Pictures of tractors and combines stuck in a muddy field seemed to be everywhere last year. Now with forecasters predicting wet conditions early in the 2011 growing season, there is a good chance we’ll see many more. If you were one of those struggling to keep your machines above ground and vowed to look at alternatives for this year, Soucy Track System has something you want you to see — track conversions. These traction upgrades are suitable for combines, grain carts and even air seeder commodity carts.
Representatives from Soucy have been hitting the North American farm show circuit this past year to show off their track designs. “The two we’re focusing on for Western Canada are the combine and trailer tracks,” says Kent Hanmer of Hanmer Seeds at Govan, Sask., a Soucy Track System dealer.
Soucy’s combine tracks are designed to simply bolt onto the existing wheel hubs of any late-model machine without any modification. “If you can jack up your combine and change tires, you can put the tracks on,” says Hanmer. “It’s super simple.” The assembly will even fit a few of the older machines built before the 2000 model year. “It fits the old (New Holland) TX66s,” says Hanmer. But he suggests measuring the bolt pattern on the hub of other older combines to ensure they are compatible with the track drive’s bolt pattern.
WEAR AND TEAR
But what kind of stresses do tracks put on a combine axle and hub? “There is slightly less stress than with duals,” says Hanmer. “It (the track) is not wider (and) that’s where the stress is on your hub. With an extra tire (using duals) you’re sending the stress point way out. It’s like a lever.” The centre line of a track’s driving force is much closer to the axle hub than when the combine is equipped with duals or triples, so that stress is actually reduced.
Les Hill, manager of business development and technical services at PAMI (Prairie Agricultural Machinery Institute) agrees tracks could reduce the kind of stress wide tire assemblies exert on an axle. “I would suggest that the bending moment would be far less with tracks, as they don’t extend away from the drive hub in the manner that duals and triples do,” he says. But he adds that with the extra length tracks have, it’s possible that could have some effect. “There may be some additional stress added when the longer track has to turn (inside).” But, he says, he hasn’t seen any detailed test data indicating that is definitely the case.
“There is definitely more side load when you turn,” says Hanmer. “But when you’re turning on the radius were talking about, it’s pretty much a non issue.” He says the tracks can more easily slip sideways than loaded tires because they tend to float higher on the soil surface. Tires carrying a lot of weight often sink deep into soft ground and put a similar stress on hubs. “I tried it one time (with tracks) and turned as short as that combine would turn, and it really didn’t make a rut,” he says.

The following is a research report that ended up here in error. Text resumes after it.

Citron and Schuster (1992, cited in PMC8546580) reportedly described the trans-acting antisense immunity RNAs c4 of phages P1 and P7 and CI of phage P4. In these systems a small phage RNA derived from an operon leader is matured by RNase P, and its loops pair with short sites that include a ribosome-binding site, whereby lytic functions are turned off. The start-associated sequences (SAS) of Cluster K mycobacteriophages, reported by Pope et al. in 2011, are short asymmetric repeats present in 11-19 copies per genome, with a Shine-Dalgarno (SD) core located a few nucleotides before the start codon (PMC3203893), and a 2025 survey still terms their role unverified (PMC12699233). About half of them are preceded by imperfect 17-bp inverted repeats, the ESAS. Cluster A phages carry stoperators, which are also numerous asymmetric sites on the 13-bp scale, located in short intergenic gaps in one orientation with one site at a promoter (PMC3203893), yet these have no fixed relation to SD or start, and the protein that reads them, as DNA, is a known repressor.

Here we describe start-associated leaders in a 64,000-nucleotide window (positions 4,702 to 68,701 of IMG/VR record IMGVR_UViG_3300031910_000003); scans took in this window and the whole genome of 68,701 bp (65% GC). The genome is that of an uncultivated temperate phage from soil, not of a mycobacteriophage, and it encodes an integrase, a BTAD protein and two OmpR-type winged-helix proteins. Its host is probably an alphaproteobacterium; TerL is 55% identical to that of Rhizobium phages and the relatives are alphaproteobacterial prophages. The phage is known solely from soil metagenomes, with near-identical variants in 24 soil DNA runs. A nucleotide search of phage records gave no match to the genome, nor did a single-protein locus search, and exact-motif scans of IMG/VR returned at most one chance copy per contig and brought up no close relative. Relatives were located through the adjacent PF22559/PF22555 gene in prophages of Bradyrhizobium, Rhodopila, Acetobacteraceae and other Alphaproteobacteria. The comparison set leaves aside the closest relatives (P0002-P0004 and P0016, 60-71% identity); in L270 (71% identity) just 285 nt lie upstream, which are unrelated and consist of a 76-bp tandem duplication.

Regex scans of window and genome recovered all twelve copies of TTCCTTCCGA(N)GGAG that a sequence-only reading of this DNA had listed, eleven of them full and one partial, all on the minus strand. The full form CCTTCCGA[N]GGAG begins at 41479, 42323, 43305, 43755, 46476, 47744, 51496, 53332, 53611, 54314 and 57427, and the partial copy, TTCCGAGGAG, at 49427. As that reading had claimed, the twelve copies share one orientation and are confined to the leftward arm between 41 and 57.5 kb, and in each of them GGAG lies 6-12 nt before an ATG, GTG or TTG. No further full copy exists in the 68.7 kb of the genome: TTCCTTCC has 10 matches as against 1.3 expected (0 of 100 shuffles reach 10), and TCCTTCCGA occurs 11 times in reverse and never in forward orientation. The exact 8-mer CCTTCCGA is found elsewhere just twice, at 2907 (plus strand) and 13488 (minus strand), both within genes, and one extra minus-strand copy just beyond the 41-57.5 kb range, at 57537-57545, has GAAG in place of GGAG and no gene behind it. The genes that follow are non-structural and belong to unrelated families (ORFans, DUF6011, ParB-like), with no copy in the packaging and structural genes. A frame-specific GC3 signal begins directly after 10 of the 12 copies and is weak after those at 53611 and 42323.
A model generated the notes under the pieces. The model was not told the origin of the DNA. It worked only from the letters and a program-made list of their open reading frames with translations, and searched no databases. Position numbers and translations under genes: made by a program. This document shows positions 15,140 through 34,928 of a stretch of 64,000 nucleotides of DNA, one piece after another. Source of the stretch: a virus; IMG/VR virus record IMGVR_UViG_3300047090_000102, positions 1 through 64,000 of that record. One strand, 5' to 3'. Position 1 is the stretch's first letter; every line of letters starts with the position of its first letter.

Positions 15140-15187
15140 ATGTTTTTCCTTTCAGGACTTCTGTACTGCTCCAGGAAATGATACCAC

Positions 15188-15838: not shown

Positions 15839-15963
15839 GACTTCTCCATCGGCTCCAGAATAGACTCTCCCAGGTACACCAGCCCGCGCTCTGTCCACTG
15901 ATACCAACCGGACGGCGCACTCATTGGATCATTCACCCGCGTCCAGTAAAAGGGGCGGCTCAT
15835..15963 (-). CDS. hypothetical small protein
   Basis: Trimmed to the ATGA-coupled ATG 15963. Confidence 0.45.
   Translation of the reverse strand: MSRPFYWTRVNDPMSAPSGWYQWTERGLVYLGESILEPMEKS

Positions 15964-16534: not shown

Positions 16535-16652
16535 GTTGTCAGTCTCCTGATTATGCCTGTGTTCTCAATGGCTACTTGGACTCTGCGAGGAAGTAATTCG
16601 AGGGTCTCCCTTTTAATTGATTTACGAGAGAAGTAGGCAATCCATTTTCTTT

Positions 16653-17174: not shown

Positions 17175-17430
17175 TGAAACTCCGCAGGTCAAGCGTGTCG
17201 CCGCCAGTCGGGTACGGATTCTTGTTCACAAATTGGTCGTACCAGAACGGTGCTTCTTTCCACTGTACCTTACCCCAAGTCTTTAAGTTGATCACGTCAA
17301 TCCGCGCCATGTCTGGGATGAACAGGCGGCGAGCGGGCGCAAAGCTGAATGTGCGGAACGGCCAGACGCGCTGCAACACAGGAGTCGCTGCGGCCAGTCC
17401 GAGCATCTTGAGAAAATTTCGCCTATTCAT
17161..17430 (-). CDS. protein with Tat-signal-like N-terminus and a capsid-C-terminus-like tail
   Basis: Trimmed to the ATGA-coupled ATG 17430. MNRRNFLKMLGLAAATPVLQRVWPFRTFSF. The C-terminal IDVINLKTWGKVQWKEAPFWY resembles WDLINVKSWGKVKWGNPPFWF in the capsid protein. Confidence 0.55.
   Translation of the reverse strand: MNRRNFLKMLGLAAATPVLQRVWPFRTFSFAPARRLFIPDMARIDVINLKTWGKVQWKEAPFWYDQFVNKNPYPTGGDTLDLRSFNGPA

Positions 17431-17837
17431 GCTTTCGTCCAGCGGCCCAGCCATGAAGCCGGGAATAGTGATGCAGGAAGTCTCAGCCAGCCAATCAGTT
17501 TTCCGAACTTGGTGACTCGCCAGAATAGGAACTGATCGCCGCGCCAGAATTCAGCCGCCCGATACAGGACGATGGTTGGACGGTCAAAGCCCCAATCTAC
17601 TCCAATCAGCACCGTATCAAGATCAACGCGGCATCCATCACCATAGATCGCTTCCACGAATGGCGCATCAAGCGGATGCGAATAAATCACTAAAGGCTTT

With all that extra rubber on the ground, tracks distribute the combine’s weight over a larger area than tires do. According to Soucy, their 813 millimetre-wide combine track systems cover 2.4 square metres of surface area at any one time. Contrast that to a typical 800/65 R32 tire that has a footprint equal to 0.65 square metres.
That kind of floatation can get you into a field in wet conditions tires just can’t handle. Last year, that ability alone would have been worth the investment for many grain growers. “Get stuck once and it (costs and delays) adds up pretty fast,” says Hanmer.
And because tracks keep combines from sinking deep into wet ground, running one through a soft field could reduce soil damage and minimize compaction. “The other issue is rut repair,” says Hanmer. “With this, it pretty much eliminates (the need for it).”
The Soucy design uses an interior lug and sprocket drive system to eliminate slippage. That also allows the track to operate with less tension than is needed by friction-drive types. The cable-reinforced rubber belt has a three-lug tread pattern for optimum traction.
A set of Soucy combine tracks retails for around $70,000. To add extra value to that investment and keep those tracks turning through a larger part of the year, Hanmer says he came up with idea to try and use them on his air seeder cart in the spring. As a result, the company developed an adapter to mate with the different hub design used on carts. Hanmer now uses combine tracks on his own air seeder cart. The hub adapters are now commercially available.
Because the Soucy combine tracks are designed as a drive system not just an idler track, they can still operate the ground-drive systems on commodity carts. “All you’d have to do is recalibrate the setting,” says Hanmer.
Adding a set of these tracks will cause your combine or cart to bulk up a little, the assemblies weigh about 5,000 pounds per side. And because of the difference in effective circumference, the tracks will cause a combine to run about 20 per cent slower than it would with ordinary tires, which could add to transport times for those who need to move their machines down the road.
But they do offer a different transport benefit. A combine equipped with tracks will be much narrower than one equipped with duals or triples once the header is removed. If you have to travel down narrow, high-traffic roads, that bonus could outweigh the speed disadvantage.
If you just want to add tracks to a grain cart or other trailer, Soucy also makes a system designed specifically for non-drive axles. With a suggested retail of about $40,000, they’re a much lower-cost assembly. These models can be used on grain carts that have up to 1,200 bushel capacity.